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Building High Performance Teams: Behind The Scenes

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Leading Teams empower high-performing teams and leaders by facilitating cultural change. This is the first thing you read on their website. From Flight Center to the Sydney Swans, Leading Teams pursue performance excellence in organisations, through team development, goal-setting, shared leadership and open communication. So how does Leading Teams embed these skills and values into organisational culture? And what is the link between culture, and a team’s or a business’ performance? We sat down with Shelly McElroy, a facilitator and business developer at Leading Teams, to delve into the process of empowering high performance – its process, its importance and its challenges.

Who are Leading Teams? And why do we need a business such as Leading Teams?

Leading Teams have been around for about 25 years. We are a group of collective high-performing experts and we are used by businesses to support them through sustainable cultural change. This work is aimed at producing overall performance improvement. We work off a 4 step process; learn, commit, do, review. When we work with organisations, whether that’s government or leaders for corporate, education or elite sport, we focus on cultural and behaviours. We work out what is done or not done effectively throughout organisations and through genuine conversations, that’s where we help discover nuggets of gold. This helps shape our programs and priorities for teams to work on and improve, to help take their business to the next level.

So what is the Leading Teams process based on?

It’s based upon core fundamentals that make up our high-performance team model. It’s all about identifying a common purpose for the team and then building strong professional relationships, having an agreed behavioural framework, and then using those elements to be able to have what we call a genuine conversation. That is basically where we give feedback to improve performance, but there are a thousand ways to do it. So many people get feedback wrong or think they have a great skill set in this. So we will challenge them to see if there’s a better way. When we work with incremental performance improvements in organisations, they give feedback on a regular basis. It’s not saved for the first Monday of the month, or it’s not saved for the 12 month period.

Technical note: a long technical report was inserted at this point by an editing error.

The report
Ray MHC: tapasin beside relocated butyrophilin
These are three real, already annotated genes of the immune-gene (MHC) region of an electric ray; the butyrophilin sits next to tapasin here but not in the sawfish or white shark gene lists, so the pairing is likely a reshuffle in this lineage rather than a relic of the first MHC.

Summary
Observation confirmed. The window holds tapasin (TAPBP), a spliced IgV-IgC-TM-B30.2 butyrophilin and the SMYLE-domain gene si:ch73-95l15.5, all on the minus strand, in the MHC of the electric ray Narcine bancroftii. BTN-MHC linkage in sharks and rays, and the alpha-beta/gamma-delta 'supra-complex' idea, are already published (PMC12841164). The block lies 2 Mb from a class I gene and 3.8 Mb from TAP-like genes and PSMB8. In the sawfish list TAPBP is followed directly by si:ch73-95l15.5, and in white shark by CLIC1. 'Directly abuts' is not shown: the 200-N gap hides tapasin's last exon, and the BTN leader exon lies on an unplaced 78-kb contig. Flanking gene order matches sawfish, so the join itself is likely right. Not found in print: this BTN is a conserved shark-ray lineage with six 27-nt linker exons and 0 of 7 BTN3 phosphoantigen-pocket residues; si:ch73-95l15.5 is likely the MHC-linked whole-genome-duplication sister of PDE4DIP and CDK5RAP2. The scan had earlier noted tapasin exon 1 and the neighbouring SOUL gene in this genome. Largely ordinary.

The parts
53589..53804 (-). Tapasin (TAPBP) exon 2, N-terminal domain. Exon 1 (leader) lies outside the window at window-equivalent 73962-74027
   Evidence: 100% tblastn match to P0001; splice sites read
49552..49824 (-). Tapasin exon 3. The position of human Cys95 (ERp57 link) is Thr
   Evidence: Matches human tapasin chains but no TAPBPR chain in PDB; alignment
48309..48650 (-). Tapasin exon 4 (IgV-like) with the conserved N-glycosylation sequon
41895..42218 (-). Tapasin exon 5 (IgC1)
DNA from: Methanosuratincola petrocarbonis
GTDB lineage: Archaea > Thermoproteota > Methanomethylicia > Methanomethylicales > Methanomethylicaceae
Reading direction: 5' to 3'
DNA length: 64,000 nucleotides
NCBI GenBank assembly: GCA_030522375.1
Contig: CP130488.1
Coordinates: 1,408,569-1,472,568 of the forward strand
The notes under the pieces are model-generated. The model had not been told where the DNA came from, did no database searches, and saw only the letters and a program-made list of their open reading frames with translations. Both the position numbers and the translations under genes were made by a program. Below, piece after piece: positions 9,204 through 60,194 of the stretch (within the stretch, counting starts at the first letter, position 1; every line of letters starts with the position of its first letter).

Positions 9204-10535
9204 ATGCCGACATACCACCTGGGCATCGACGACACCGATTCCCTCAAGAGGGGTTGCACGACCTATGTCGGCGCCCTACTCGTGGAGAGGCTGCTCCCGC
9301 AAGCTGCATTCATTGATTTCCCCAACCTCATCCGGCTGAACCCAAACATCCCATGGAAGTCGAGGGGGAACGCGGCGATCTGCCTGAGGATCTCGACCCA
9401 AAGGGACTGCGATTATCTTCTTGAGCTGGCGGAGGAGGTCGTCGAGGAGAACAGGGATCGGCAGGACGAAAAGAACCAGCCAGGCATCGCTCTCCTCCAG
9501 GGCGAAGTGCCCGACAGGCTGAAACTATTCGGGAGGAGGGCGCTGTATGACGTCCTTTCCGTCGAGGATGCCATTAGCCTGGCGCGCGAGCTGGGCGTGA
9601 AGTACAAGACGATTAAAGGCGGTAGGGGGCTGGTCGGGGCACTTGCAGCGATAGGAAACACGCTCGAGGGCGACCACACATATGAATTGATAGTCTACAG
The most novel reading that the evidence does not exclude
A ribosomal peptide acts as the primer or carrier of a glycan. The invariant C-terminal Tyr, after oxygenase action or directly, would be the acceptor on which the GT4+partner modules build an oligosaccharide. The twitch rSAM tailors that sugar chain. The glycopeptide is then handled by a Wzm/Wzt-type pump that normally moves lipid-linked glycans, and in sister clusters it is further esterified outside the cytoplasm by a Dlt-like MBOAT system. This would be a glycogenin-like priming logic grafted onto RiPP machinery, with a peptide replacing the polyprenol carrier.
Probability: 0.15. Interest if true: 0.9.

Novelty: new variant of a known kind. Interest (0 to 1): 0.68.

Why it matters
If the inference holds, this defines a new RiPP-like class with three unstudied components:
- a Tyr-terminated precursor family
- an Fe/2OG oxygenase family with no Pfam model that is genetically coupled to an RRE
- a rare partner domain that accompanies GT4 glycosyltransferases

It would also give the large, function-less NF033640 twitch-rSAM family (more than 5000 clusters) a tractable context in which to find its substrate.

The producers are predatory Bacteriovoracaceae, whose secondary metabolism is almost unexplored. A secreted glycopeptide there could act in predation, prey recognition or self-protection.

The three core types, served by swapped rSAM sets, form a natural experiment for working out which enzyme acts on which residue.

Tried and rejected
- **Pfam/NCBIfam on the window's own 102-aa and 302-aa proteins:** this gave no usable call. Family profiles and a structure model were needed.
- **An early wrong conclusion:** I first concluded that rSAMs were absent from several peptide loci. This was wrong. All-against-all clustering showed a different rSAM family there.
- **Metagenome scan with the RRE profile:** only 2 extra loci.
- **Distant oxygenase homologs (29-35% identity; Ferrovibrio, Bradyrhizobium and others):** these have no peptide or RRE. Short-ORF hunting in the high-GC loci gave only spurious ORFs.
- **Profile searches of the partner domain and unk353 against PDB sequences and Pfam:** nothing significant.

What drives you to turn up to work every day?

The biggest motivator for me personally is actually seeing other people succeed. It’s sustainable culture change. Things don’t happen overnight. There’s an organisation I had a session with yesterday, that we’ve been working with since January, and we’re starting to see some of the fruits of their work. They are recruiting based on their core values, not just based on skillset. And that’s just one example. It is very rewarding work. I love what I call ‘the aha moments’. When somebody has the courage to give a leader feedback or to ask their team, “how do you view me as your leader, what is one area of improvement I could enact to motivate you?” Being able to coach them through those conversations, or help them with questions and discuss what their purpose is in this. Helping them with that and helping them execute that, is the most rewarding part for me.

 

Why do businesses need to think about purpose and what they’re putting out into the world, what they’re putting into their teams?